That's What Happens With Your Football In The Plane
One or the other safely flies in the summer by plane on vacation. Included: A football in your luggage, but wait! A football is a pressure hull and when flying there is negative pressure ... can the ball be damaged or even burst?
An airplane consists of a pressurized cabin that surrounds not only the passenger cabin but also the cargo hold. Within this pressure cabin, the air pressure is reasonably calibrated to those on the ground. At cruising altitude (about 12,000m), the cabin pressure is slightly more than that on the Zugspitze. Thus, you do not need to worry about pressure hulls, such as hair sprays, deodorants or even footballs. After all, animals also fly in the hold and of course they also need ground-like air pressure.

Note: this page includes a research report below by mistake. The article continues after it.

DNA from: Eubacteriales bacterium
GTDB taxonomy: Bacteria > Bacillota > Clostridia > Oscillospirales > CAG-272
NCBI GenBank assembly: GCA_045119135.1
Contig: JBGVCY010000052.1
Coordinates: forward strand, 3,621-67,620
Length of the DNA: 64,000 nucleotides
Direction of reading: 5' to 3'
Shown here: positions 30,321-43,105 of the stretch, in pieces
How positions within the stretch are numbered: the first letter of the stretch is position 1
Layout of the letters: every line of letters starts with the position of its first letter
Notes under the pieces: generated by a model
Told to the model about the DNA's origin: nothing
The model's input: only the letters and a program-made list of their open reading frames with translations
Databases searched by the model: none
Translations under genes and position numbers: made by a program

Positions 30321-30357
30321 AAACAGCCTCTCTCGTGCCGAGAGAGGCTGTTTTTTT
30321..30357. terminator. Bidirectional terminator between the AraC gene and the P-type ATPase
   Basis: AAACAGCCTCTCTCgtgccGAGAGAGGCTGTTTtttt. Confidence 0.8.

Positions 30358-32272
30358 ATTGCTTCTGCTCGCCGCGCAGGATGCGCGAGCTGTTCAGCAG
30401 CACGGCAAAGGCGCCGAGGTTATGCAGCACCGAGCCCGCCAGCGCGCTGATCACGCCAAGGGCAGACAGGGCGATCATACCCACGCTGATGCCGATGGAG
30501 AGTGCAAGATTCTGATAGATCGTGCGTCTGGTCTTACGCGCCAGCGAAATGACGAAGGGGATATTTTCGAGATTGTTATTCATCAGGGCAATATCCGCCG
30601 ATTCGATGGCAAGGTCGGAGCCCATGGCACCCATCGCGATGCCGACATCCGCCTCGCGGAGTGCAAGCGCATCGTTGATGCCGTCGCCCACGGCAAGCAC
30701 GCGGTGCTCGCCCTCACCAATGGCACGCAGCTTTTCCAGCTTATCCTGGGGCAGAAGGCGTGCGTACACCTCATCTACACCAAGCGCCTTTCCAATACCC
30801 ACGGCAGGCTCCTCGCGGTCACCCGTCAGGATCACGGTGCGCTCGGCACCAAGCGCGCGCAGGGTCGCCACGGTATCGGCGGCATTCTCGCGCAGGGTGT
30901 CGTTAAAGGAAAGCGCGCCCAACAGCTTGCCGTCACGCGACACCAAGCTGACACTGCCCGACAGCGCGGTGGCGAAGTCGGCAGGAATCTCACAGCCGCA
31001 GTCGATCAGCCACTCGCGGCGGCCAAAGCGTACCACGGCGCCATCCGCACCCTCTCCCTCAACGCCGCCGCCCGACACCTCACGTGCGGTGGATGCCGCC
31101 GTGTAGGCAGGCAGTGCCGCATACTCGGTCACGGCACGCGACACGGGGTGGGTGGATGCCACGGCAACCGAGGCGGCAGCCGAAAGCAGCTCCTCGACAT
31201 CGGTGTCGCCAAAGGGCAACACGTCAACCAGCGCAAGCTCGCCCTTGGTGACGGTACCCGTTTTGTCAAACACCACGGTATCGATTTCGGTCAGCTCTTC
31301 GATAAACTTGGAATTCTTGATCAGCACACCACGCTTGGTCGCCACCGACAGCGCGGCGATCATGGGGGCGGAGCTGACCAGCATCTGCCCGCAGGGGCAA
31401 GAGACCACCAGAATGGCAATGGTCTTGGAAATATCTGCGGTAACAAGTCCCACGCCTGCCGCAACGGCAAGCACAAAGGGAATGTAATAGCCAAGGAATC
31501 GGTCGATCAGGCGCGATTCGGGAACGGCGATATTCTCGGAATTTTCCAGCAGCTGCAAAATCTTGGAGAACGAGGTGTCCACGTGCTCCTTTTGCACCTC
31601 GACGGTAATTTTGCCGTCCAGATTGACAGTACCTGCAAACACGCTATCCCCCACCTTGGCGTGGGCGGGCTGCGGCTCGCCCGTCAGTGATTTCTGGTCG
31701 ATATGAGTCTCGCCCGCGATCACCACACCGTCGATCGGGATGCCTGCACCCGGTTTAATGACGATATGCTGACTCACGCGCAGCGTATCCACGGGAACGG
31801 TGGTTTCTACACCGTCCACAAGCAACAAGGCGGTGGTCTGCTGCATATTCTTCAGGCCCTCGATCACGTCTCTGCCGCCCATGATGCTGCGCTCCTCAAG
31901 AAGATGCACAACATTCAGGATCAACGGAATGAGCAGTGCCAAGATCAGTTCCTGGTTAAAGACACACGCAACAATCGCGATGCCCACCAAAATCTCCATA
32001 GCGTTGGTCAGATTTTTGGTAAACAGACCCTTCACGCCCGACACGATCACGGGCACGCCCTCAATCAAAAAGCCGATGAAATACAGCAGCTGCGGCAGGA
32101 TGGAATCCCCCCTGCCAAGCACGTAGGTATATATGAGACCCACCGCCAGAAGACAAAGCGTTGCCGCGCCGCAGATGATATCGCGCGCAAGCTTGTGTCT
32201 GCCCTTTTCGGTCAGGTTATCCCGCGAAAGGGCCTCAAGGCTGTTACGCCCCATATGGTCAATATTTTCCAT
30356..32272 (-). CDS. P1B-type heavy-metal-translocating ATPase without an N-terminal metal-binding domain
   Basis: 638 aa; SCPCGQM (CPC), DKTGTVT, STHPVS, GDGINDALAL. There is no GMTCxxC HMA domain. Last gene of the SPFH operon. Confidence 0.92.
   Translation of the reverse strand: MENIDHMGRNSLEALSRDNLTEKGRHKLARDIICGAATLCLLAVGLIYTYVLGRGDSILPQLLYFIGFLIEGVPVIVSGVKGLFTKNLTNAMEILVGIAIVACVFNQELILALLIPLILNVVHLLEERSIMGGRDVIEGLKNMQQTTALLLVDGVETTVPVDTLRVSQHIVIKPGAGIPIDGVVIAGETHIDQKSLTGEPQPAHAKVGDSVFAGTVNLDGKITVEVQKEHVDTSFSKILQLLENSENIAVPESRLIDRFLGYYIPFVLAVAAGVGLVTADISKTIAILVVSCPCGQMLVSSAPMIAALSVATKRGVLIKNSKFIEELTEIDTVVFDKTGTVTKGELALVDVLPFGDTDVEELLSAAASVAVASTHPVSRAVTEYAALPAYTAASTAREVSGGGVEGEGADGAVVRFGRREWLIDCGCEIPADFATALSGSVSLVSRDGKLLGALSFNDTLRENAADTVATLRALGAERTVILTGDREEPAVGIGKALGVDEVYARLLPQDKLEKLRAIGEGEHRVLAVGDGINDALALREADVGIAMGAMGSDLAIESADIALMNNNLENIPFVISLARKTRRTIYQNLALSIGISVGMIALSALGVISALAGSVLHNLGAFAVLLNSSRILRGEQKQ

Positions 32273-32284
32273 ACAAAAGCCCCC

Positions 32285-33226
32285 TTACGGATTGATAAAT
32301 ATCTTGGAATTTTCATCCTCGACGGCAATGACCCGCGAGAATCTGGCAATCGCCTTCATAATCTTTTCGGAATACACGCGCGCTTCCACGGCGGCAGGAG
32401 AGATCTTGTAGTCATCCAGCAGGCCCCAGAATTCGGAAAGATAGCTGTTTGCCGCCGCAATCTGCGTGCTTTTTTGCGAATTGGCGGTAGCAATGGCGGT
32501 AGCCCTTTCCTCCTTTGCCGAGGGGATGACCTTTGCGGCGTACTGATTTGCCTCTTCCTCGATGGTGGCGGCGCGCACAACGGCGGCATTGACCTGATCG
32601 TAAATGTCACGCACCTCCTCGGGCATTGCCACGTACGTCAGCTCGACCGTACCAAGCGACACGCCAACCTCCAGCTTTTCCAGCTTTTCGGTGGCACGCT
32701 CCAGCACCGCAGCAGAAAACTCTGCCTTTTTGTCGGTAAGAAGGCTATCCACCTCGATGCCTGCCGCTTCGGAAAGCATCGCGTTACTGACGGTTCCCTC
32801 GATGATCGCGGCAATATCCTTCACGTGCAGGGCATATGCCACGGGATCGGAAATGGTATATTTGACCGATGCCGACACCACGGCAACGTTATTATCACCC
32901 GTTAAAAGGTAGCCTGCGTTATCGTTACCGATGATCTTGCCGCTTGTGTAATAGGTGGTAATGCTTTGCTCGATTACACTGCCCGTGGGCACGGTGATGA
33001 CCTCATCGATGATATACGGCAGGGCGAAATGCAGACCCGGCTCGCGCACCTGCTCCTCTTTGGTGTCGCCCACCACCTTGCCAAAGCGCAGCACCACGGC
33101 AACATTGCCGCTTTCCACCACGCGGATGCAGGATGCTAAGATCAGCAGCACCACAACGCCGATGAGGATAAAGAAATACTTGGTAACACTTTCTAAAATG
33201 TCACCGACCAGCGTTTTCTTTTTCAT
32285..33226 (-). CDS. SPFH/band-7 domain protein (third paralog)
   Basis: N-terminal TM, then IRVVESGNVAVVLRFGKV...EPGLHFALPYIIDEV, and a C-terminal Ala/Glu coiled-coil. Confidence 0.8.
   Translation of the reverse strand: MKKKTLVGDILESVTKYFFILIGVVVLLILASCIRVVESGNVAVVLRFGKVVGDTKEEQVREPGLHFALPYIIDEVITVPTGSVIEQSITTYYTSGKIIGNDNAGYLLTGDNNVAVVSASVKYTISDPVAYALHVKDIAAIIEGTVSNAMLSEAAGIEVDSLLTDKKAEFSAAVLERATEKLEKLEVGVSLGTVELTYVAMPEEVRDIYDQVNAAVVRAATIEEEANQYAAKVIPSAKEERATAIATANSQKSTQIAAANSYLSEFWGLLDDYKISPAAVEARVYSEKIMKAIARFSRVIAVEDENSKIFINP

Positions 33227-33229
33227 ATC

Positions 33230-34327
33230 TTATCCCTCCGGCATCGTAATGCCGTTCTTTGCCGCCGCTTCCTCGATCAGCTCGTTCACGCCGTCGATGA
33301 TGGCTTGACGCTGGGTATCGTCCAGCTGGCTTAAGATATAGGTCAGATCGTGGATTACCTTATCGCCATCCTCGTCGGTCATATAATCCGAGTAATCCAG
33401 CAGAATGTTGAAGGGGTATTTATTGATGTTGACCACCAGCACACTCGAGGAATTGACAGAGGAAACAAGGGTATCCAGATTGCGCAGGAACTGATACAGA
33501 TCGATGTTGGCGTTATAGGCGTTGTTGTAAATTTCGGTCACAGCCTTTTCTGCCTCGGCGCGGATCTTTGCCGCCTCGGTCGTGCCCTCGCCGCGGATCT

Despite the air pressure, which is comparable to that on a high mountain, the pressure difference from the cabin to the ground can well be 0.3 bar. Because footballs have a recommended pressure of approximately 0.6-0.8 bar, an inflated ball can quickly exceed its recommended pressure range. But that's not bad, as long as you're not training free kicks or kicks in the cabin. When the ball rests, it can hold at least twice the pressure recommended.
If you still want to play it safe, you can let air out of the ball with the help of a ball pump or a ball needle and pump in again after the flight.